invade upon a dead body or upon a widow or upon a young suckling…”
King died, a man who continued Henry VIII’s aggressive policy under his royal
nephew and new King was Edward Seymour, newly named Lord Protector and Duke of
had no intention for diplomacy. As far as he was concerned, diplomacy was
failing. The Scots could understand he meant business by only one way and that
was through fire and blood. Pillaging and heavy artillery. Although this did
the trick, planting fear into the Scots’ hearts, it also strengthened Mary of
Guise and her allies’ resolve. She decided to stall and secretly sent her
daughter, her companions, among them the well-known four Maries, her half
brother (Moray, who would return shortly after), to France where she would meet
her future spouse, the future King of France, Francois.
Queen of Scots has a lot of detractors and defenders and seldom any people in
between. On the one hand you have this naïve girl who was well-educated, who
loved playing sports, and dressed in men’s clothes for that, and was also very
beautiful, and had received not a lot of training to be a ruler but more how to
be a Queen Consort while she was in France, but on the other hand, you also
have a girl who caught on pretty fast and who wanted to reconcile both factions
of her country, Protestant and Catholic, and tried her best but failed. And
then tried again, using conspiracy to oust her cousin Queen Elizabeth when she
didn’t agree to reinstate her. And this last act of hers not only failed but
ended with her being sentenced to death. This was extremely painful as her
executioner botched it and it took more than one blow to finish the deed.
The truth is likely somewhere in between. Mary was a quick learner,
well-learned, fashionable Queen, but at the same time, she was also tired after
years of trying and having little to show for it except plotters at every turn
who hated her because of her sex and religion and for refusing to give up. When
she finally gave up, she tried to rise up but once again she felt defeated and
sought her cousin Queen Elizabeth I of England for help and as previously
stated, when she realized this was a huge mistake, she plotted against her and
this ended with terrible results. She was much a victim of circumstance as of her
own actions and rearing.
vs Stewarts by Linda Porter
Tudor Statesmen by Arthur D. Innes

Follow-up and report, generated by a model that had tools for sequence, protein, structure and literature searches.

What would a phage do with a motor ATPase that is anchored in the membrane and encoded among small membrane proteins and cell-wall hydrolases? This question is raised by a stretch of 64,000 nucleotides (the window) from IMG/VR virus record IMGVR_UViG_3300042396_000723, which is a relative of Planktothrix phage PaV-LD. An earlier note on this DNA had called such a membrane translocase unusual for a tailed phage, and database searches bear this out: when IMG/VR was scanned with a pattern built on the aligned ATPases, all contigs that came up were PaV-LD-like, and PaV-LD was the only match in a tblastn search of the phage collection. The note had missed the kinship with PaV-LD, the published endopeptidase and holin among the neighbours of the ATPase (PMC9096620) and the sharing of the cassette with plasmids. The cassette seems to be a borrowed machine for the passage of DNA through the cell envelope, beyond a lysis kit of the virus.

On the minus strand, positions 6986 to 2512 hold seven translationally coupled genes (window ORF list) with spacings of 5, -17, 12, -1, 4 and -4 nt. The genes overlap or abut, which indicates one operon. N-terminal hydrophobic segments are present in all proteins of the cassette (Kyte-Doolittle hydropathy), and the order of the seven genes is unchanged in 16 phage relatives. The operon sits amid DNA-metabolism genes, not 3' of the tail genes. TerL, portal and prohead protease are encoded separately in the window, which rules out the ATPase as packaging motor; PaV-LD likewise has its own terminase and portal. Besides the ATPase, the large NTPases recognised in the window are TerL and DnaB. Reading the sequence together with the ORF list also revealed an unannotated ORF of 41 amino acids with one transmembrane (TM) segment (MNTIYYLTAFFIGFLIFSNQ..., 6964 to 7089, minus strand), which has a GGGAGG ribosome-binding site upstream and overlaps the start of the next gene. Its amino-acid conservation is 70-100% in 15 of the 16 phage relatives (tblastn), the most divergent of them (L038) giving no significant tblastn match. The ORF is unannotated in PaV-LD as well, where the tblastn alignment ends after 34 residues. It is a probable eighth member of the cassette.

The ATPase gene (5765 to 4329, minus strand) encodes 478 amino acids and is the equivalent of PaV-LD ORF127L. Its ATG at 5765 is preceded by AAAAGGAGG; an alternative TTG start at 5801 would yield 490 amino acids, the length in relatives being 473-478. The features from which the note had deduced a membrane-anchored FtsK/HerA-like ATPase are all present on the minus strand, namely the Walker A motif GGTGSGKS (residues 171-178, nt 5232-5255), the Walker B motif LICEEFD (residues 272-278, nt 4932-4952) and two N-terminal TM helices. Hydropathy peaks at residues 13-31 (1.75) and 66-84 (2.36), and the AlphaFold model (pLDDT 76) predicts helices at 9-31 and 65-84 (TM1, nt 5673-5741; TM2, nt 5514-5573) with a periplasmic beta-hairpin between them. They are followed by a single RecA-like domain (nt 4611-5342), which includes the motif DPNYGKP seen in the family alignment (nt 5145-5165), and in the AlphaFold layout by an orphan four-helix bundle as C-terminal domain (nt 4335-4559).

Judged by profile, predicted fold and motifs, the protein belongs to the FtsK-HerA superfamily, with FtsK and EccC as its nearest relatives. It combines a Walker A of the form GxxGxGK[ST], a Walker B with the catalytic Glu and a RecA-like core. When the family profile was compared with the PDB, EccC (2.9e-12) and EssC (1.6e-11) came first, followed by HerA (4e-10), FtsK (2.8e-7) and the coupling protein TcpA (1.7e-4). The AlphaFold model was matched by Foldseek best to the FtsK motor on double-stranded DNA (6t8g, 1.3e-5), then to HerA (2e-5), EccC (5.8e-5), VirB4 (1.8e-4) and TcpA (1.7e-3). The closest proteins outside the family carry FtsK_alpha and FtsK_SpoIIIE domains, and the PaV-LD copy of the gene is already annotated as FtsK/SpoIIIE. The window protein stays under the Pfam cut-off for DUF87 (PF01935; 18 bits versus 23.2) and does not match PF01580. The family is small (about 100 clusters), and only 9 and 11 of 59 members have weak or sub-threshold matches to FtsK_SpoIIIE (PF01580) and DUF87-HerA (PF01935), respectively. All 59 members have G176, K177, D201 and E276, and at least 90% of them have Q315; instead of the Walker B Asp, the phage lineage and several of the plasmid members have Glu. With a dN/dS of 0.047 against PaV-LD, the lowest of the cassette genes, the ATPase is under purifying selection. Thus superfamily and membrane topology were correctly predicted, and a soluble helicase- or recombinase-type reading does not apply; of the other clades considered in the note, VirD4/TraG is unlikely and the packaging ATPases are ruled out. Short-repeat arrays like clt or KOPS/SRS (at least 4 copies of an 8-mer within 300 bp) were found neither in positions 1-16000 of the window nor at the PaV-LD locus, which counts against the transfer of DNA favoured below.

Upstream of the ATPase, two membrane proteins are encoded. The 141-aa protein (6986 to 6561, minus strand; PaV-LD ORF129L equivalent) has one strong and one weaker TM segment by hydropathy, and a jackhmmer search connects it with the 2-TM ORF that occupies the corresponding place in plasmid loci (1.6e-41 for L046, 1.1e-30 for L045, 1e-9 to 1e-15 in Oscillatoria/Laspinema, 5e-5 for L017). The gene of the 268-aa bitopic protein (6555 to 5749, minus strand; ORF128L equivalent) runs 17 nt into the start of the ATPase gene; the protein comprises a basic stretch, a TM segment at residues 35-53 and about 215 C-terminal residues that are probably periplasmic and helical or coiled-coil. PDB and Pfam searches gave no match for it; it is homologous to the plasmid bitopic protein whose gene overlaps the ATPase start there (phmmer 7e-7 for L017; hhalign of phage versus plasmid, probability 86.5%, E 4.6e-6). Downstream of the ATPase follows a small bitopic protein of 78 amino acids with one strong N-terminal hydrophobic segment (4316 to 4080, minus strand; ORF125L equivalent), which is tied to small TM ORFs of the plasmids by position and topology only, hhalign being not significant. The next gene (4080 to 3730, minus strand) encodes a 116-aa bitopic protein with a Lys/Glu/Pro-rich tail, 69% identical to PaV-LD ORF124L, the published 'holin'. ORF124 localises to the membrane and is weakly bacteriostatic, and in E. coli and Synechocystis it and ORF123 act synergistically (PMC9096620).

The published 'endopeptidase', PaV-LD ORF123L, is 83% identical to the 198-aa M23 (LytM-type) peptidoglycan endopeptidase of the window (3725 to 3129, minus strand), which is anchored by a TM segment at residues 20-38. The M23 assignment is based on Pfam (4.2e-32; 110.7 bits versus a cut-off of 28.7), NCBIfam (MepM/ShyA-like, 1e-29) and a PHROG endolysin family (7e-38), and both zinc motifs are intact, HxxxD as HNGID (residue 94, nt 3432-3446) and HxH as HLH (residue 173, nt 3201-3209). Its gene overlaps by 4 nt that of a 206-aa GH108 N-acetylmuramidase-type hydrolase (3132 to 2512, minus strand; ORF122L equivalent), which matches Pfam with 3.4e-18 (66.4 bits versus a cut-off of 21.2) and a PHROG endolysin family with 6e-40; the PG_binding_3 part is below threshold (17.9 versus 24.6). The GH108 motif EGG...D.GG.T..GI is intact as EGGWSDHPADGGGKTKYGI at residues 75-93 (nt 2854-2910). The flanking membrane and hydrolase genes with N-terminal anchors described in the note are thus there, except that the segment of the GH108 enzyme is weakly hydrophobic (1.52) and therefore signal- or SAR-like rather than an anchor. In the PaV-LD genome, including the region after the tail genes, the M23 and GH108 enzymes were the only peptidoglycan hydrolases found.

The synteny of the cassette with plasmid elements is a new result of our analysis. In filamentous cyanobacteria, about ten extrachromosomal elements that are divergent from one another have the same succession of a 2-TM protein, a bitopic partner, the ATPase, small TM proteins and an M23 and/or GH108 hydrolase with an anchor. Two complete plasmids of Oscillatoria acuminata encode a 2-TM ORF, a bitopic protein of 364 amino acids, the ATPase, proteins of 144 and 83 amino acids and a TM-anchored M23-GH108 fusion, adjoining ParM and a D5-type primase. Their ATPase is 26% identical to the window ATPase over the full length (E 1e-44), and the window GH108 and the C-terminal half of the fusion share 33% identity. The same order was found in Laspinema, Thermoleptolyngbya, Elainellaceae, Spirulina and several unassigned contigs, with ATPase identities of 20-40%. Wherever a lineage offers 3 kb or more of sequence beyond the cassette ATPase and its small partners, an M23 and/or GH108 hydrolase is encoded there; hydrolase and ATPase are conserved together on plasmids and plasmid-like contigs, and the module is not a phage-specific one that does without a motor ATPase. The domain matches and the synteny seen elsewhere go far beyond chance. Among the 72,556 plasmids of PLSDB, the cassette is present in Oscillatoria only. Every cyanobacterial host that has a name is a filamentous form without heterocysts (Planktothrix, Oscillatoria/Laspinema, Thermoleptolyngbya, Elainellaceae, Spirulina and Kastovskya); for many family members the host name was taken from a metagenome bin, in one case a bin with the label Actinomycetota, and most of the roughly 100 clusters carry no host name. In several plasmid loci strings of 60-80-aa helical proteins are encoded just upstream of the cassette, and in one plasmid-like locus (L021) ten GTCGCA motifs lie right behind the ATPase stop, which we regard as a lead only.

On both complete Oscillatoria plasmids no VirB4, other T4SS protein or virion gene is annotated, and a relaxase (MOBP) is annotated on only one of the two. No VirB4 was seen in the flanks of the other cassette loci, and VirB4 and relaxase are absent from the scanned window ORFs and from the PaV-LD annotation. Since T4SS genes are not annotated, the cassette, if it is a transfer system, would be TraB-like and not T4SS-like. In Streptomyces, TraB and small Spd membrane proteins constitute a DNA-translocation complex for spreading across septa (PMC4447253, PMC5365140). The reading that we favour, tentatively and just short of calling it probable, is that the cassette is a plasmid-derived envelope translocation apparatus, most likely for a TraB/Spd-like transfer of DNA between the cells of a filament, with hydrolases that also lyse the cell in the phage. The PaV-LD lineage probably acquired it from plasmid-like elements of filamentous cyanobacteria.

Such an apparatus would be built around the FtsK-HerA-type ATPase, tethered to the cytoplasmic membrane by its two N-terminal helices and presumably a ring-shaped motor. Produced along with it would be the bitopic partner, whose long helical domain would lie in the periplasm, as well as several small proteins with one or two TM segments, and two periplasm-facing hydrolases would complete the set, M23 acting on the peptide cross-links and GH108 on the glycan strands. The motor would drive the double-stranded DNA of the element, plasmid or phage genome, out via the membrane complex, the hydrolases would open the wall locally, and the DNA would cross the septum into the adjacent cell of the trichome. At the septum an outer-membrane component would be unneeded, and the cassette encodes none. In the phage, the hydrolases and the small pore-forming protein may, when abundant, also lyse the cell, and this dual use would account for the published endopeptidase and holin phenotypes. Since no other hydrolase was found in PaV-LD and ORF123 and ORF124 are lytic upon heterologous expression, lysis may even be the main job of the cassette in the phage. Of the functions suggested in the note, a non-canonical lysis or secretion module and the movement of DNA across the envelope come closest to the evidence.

Passion. Murder. Manipulation by Leanda de Lisle
On the eighth of December in 1542, Mary of Guise, wife of King James V of Scotland, gave birth to a baby girl. At the time of Mary’s birth her father was ill and it legend states that King James said
“It cam wi’ a lass and it will gang wi’ a lass!” when he learned of his child’s sex, referring to the Stewarts, ruling house of Scotland. James died within a week of Mary’s birth, making her Queen of Scotland as a newborn.
From her first days Mary’s life was riddled with politics and plots. Her great-uncle King Henry VIII of England sought to unite Scotland and England by marrying his son Edward to young Mary in a time known as the “rough wooing” of Scotland. The outcome of this was Mary’s betrothal to Francis, the Dauphin of France. Mary was sent to France at the age of five and would live at the French court for the next 14 years.In 1558 Mary and Francis were married. The two were childhood friends and got along well, but the Dauphin was weak and sickly compared to the very tall, beautiful,and lively Mary. They would have no children. Francis became king in 1559 and Mary became his consort. Francis was dead of an ear infection a year later and Mary returned to Scotland in 1561, with very little knowledge of the country’s people or political environment. Within the first years of her reign Mary saw religious strife, intrigue, rebellions, and conflict.
When Mary wed a second time to Henry Stuart, Lord Darnley, she received disapproval from all sides. Soon Darnley became arrogant and demanding and their marriage was strained. Despite this, Mary became pregnant. During her pregnancy, Mary was witness to the murder of her Catholic friend and private secretary David Ritzzio at the hands of Darnley and his co-conspirators. Mary and Darnley were forced into hiding by the Protestant conspirators, and in 1566 she gave birth to her son James. Shortly afterwards, Mary began working with some Scottish lords to get rid of “the Darnley problem.” This resulted in Darnley’s murder by strangulation after the house he resided in was blown up with gunpowder. It was believed Mary was directly responsible for her husband’s murder and allowed the guilty men to escape, with James Hepburn, Earl of Bothwell being the chief conspirator. But Bothwell had his own plot to wed Mary and rule Scotland with her. In 1567 Mary was abducted by Bothwell and possibly raped by him. Mary, whether by her own will or not, married Bothwell, to the shock and animosity of both Protestants and Catholics. Many Scottish nobles turned against Mary and she was eventually forced to abdicate in favor of her infant son James, now James VI of Scotland.